Donald Trump has had plenty to say since his hush money trial conviction in New York.

He has claimed the case was rigged, incorrectly linked President Joe Biden to the state prosecution, called the star witness against him a “sleazebag” and said the judge was a “devil” and “highly conflicted.”

What he hasn’t done is utter any variation of the words that might benefit him most come sentencing time next month: “I’m sorry.”

It is a truism of the criminal justice system that defendants hoping for lenient treatment at their sentencing are expected to take responsibility for their actions, even express remorse. But that flies in the face of Trump’s longtime refusal to acknowledge any wrongdoing, a tone that he often strikes to portray strength and present himself as a fighter under ceaseless attack.

While the strategy may resonate with his most loyal political supporters, it failed during his New York criminal trial and could complicate his legal team’s efforts to avoid a tough sentence.

“The fact, I think, that he has no remorse – quite the opposite, he continues to deny is guilt – is going to hurt him at sentencing,” said Jeffrey Cohen, an associate professor at Boston College Law School and a former federal prosecutor in Massachusetts. “It’s one of the things that the judge can really point to that everybody is aware of — that he just denies this — and can use that as a strong basis for his sentence.”

Trump is set to be sentenced on July 11 by Judge Juan M. Merchan, who raised the specter of jail time during the trial after the former president racked up thousands of dollars in fines for violating a gag order. He has been the target of Trump’s relentless ire.

The 34 felony counts of falsifying business records Trump was found guilty of are charges punishable by up to four years in prison. It’s not clear whether prosecutors intend to seek imprisonment — Manhattan District Attorney Alvin Bragg dodged a question on that Thursday — or whether Merchan would sentence him behind bars even if that’s the recommendation.

As part of a broader, rambling broadside against the case, Trump has sought to downplay any concerns about his sentence, saying in a “Fox & Friends” interview that aired on Sunday that he was “OK” with the prospect of imprisonment or home confinement.

“I saw one of my lawyers the other day on television saying, ‘oh, no, you don’t want to do that'” to a former president. “I said, don’t, you know, beg for anything. It’s just the way it is.”

He will have the option to address the judge at his sentencing hearing though he is not required to do so, and some legal experts have said it would be inadvisable for him to speak. He did not testify in his own defense at the trial, something he later suggested had to do with concerns that prosecutors would try to catch him in a trivial falsehood.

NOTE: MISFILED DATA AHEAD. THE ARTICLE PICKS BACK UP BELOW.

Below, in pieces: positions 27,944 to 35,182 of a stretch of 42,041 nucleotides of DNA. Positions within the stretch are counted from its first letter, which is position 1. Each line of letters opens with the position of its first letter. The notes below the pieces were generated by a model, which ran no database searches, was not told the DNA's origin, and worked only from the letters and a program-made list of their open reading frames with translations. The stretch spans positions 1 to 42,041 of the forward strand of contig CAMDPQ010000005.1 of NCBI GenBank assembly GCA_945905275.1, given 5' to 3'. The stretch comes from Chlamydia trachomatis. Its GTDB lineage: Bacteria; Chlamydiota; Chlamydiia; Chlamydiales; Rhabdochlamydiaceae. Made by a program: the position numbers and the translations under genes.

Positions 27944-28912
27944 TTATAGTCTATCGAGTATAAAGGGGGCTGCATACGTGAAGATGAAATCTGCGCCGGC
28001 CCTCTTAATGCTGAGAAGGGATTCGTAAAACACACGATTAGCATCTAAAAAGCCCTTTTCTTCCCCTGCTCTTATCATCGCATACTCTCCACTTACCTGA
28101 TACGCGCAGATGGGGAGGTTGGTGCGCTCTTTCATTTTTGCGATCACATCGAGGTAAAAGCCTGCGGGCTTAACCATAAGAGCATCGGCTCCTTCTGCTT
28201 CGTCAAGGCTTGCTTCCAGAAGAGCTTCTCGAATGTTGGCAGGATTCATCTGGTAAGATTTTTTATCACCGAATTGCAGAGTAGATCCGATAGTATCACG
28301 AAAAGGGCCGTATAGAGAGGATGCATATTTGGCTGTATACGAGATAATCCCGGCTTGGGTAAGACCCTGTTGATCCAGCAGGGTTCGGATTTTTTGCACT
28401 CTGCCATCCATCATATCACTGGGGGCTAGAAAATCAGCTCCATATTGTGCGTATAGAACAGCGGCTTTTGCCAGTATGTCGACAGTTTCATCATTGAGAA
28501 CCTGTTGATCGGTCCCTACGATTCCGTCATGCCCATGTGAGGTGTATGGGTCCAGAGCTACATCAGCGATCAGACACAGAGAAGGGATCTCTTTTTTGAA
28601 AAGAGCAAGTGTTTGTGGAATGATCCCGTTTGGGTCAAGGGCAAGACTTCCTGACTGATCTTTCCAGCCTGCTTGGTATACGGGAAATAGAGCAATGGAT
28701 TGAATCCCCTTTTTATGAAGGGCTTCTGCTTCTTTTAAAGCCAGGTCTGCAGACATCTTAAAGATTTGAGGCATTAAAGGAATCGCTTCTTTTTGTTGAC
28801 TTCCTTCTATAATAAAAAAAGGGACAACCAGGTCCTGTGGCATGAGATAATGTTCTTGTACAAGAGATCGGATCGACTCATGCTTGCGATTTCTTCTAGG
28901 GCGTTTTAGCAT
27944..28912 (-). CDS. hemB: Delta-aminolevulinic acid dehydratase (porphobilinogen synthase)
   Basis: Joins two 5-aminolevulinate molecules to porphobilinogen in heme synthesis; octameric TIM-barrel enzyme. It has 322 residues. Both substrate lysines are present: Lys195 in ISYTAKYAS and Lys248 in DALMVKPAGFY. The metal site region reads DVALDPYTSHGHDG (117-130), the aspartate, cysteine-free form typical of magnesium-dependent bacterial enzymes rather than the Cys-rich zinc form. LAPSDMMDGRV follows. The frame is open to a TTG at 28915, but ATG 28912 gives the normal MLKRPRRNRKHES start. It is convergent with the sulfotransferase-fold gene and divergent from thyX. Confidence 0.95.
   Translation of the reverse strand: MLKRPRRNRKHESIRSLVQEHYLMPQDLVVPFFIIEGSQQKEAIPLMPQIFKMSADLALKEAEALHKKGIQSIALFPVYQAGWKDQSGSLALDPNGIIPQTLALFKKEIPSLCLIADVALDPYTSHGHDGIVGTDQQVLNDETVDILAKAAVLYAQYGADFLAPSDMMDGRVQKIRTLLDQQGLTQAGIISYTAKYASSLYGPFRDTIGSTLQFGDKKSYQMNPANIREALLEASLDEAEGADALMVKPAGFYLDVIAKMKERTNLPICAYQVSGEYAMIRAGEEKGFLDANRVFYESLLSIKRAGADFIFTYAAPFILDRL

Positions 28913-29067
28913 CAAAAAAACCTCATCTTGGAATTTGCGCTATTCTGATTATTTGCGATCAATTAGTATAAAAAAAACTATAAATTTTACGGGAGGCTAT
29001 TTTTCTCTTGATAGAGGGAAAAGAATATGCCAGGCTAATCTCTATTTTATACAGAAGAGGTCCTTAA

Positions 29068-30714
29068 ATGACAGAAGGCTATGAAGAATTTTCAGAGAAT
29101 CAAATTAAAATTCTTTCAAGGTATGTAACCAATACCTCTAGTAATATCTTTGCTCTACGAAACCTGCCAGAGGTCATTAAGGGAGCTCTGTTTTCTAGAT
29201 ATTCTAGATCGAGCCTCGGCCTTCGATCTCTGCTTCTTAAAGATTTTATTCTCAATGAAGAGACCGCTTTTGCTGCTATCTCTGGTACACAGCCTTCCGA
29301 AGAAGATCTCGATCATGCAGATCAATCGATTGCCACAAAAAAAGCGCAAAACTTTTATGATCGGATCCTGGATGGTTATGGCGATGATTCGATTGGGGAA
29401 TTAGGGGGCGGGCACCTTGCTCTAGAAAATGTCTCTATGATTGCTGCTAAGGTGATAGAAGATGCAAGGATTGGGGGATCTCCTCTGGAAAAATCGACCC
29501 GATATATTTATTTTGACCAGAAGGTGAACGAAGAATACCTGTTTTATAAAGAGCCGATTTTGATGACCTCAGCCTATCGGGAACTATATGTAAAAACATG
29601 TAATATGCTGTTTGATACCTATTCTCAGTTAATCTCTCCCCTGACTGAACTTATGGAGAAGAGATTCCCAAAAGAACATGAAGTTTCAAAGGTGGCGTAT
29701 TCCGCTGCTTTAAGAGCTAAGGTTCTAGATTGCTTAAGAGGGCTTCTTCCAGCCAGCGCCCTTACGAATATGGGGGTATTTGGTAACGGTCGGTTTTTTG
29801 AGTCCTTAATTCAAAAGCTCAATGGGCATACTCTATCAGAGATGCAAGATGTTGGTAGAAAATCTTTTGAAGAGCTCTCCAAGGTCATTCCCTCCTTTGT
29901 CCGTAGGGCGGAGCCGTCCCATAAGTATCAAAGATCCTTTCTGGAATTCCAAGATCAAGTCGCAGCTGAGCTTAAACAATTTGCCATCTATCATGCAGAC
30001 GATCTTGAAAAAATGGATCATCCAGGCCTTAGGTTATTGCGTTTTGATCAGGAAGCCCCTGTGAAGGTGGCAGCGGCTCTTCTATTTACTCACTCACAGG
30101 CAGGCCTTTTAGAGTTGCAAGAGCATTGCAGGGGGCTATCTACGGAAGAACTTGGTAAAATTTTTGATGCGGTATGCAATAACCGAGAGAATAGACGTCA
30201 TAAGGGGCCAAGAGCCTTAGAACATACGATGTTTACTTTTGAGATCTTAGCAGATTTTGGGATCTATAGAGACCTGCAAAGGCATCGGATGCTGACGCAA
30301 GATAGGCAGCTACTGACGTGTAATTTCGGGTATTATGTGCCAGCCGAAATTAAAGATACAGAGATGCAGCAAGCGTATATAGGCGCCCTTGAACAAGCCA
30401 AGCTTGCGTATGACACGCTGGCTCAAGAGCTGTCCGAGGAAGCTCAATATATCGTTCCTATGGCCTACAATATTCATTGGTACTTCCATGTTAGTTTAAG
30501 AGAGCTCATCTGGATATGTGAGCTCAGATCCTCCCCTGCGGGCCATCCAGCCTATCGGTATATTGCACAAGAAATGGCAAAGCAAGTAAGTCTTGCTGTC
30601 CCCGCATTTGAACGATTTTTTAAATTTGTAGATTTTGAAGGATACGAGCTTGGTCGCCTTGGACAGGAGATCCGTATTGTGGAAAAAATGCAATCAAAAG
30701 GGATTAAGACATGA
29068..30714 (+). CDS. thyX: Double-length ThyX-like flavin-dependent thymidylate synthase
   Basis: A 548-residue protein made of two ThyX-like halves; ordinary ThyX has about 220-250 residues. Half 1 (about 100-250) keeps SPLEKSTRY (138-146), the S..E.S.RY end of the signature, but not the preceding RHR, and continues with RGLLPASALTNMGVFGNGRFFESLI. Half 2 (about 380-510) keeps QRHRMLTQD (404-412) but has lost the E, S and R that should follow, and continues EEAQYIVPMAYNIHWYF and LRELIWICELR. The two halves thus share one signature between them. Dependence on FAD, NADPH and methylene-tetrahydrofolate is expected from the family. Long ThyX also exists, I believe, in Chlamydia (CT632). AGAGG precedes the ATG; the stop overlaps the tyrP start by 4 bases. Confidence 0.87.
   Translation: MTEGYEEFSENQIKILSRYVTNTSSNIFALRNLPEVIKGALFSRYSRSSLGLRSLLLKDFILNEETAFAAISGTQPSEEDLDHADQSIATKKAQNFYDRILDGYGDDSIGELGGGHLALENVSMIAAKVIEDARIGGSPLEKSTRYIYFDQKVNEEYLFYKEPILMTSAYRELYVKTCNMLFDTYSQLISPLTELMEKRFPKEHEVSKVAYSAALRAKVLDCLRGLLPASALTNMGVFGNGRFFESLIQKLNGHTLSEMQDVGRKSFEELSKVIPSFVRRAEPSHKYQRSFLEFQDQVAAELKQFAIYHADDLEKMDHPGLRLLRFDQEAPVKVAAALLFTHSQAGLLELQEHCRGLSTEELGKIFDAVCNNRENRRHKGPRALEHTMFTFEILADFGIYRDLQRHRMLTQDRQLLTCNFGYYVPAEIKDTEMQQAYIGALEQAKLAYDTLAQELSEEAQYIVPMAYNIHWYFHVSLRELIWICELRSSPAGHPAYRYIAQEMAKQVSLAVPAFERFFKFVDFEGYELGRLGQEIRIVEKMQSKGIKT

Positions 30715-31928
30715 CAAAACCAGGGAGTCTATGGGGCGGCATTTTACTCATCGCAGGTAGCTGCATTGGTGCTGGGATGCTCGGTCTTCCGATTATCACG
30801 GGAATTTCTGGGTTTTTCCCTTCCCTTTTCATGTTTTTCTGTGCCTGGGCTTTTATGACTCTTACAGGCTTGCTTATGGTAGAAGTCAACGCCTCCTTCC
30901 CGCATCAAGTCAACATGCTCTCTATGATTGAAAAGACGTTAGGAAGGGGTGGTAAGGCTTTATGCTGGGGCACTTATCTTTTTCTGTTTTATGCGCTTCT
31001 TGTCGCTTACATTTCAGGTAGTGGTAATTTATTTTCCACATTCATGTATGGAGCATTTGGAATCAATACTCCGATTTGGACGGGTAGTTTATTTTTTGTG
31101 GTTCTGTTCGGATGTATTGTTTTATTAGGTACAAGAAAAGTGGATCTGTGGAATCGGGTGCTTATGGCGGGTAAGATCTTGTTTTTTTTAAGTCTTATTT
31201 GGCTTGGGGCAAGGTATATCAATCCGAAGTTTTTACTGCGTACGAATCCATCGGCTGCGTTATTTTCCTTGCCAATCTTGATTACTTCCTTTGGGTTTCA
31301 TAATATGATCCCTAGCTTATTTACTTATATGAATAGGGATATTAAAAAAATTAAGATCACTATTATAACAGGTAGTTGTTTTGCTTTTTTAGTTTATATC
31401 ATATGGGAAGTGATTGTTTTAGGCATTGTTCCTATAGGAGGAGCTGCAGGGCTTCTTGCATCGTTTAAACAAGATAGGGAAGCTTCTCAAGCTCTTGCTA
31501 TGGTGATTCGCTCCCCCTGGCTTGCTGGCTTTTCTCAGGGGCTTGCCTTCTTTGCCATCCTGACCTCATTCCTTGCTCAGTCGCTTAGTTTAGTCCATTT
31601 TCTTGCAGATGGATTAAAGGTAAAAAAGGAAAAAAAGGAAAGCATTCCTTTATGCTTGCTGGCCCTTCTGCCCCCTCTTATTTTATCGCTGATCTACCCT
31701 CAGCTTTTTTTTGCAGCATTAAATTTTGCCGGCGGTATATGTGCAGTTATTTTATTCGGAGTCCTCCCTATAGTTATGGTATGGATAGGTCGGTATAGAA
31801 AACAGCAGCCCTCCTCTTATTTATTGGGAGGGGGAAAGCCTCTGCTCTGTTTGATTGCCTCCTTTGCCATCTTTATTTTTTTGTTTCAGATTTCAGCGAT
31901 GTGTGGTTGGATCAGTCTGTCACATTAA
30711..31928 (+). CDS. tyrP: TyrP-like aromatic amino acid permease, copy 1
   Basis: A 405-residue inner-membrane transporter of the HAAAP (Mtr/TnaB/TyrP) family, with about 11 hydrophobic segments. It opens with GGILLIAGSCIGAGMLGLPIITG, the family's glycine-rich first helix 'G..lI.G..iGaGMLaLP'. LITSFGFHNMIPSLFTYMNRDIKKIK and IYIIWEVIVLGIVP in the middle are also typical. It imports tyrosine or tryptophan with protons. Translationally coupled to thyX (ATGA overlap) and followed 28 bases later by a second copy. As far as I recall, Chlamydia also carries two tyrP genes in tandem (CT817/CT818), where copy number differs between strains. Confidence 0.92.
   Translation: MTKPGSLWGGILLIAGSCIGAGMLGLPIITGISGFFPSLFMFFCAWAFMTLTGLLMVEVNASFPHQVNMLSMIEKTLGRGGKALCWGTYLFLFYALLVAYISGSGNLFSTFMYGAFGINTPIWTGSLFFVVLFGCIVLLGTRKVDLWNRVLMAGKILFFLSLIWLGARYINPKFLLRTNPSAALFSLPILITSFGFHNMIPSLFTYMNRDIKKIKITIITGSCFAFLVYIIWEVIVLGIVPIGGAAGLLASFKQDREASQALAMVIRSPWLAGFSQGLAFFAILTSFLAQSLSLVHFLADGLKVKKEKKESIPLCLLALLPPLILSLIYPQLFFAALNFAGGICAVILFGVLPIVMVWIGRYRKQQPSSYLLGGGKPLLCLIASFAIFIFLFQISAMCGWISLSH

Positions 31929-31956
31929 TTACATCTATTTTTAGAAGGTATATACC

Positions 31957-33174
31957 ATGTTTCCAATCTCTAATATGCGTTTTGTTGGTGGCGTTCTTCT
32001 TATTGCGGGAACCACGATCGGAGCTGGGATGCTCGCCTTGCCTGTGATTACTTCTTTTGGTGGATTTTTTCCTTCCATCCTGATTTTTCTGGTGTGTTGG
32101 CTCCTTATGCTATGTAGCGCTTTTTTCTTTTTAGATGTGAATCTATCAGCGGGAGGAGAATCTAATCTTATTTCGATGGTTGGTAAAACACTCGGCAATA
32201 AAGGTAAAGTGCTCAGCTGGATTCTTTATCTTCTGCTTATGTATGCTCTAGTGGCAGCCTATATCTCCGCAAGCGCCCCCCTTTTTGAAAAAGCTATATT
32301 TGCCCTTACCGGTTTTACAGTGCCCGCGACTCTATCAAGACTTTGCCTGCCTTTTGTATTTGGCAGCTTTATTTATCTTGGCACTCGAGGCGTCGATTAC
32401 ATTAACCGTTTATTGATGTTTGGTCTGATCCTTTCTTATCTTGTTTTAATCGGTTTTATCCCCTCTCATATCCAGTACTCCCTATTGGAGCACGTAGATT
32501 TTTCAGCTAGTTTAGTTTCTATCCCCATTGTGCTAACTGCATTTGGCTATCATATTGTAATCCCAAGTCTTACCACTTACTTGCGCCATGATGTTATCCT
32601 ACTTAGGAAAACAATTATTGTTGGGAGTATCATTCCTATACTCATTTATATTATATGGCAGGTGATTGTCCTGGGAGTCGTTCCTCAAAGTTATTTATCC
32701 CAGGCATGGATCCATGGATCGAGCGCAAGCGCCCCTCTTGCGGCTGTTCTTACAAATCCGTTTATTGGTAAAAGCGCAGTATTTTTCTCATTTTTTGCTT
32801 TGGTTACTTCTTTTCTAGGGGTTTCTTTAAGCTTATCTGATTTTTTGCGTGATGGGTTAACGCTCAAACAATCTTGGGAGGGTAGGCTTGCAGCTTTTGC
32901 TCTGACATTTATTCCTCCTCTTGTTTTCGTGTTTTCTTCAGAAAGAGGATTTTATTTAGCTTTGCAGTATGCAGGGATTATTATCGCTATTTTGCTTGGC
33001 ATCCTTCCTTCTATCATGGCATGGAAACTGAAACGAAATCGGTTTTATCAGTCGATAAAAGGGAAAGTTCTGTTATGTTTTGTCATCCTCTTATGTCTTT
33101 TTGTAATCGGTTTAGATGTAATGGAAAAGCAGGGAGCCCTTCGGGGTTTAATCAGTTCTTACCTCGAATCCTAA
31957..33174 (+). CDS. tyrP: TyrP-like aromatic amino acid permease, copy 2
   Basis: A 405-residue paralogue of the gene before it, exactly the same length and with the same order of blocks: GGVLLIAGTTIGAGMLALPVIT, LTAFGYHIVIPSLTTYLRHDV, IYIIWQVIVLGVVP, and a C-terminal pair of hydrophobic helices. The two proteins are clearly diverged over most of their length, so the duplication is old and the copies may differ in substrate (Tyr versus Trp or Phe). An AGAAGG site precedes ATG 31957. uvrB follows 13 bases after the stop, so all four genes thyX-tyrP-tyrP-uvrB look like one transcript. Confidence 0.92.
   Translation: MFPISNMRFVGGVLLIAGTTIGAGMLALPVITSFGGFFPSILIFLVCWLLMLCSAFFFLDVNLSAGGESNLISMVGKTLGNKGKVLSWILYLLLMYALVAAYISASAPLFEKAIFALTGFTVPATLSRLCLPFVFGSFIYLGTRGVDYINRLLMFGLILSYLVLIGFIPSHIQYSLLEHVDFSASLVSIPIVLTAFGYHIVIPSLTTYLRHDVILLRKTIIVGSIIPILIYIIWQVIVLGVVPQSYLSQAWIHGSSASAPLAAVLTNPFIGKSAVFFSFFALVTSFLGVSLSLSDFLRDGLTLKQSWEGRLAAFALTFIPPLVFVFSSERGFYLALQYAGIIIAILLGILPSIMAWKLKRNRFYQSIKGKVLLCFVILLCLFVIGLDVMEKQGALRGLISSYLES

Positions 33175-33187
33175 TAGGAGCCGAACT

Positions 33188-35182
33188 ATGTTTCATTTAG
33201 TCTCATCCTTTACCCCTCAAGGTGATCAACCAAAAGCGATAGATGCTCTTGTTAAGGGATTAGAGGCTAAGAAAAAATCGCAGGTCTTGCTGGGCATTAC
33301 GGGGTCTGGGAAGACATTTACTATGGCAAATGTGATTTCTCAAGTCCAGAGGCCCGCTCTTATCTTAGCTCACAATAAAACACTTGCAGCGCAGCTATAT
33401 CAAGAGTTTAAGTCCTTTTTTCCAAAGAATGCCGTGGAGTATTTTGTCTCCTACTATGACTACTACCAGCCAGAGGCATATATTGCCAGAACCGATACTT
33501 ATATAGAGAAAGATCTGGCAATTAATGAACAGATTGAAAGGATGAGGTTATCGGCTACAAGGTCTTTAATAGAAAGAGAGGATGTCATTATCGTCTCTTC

“If he turns around and blames the court, attacks prosecutors, decries this as a witch hunt, lies — you should have no misgiving: There will be consequences and there should be consequences,” said Jeremy Saland, a former assistant district attorney in Manhattan.

In addition, Trump’s constant attacks on the prosecutors, judge, and court system and his aggressive trial strategy — outright denying both claims of an extramarital affair by porn actor Stormy Daniels and involvement in the subsequent scheme to buy her silence — would make any change of tune at his sentencing seem disingenuous.

“I don’t see any real benefit of him speaking at sentencing because even if he did say something, he’s saying the exact opposite outside the courtroom and the judge is not unaware of that,” Cohen said.

To be sure, there are multiple other factors that could tilt against a prison sentence — Trump’s apparent lack of contrition notwithstanding. Merchan could conclude, for instance, that there’s a strong societal interest against having a former, and potentially future, president in jail.

“Sometimes as a judge and a prosecutor, you have to look at the proverbial scoreboard and say, ‘That’s enough.’ And that scoreboard here is a permanent brand that you’d see on the side of cattle of a big fat ‘F’ for felony,” Saland said.

“It is far worse than any scarlet letter could ever be,” he added. “And no matter what he says, no matter how he spins it, no matter if it’s a day in jail or not, he will always be a convicted felon. Period.”

Eric Tucker

Associated Press


Michael M. Santiago (AP), Yuki Iwamura (AP), and Elizabeth Williams (AP)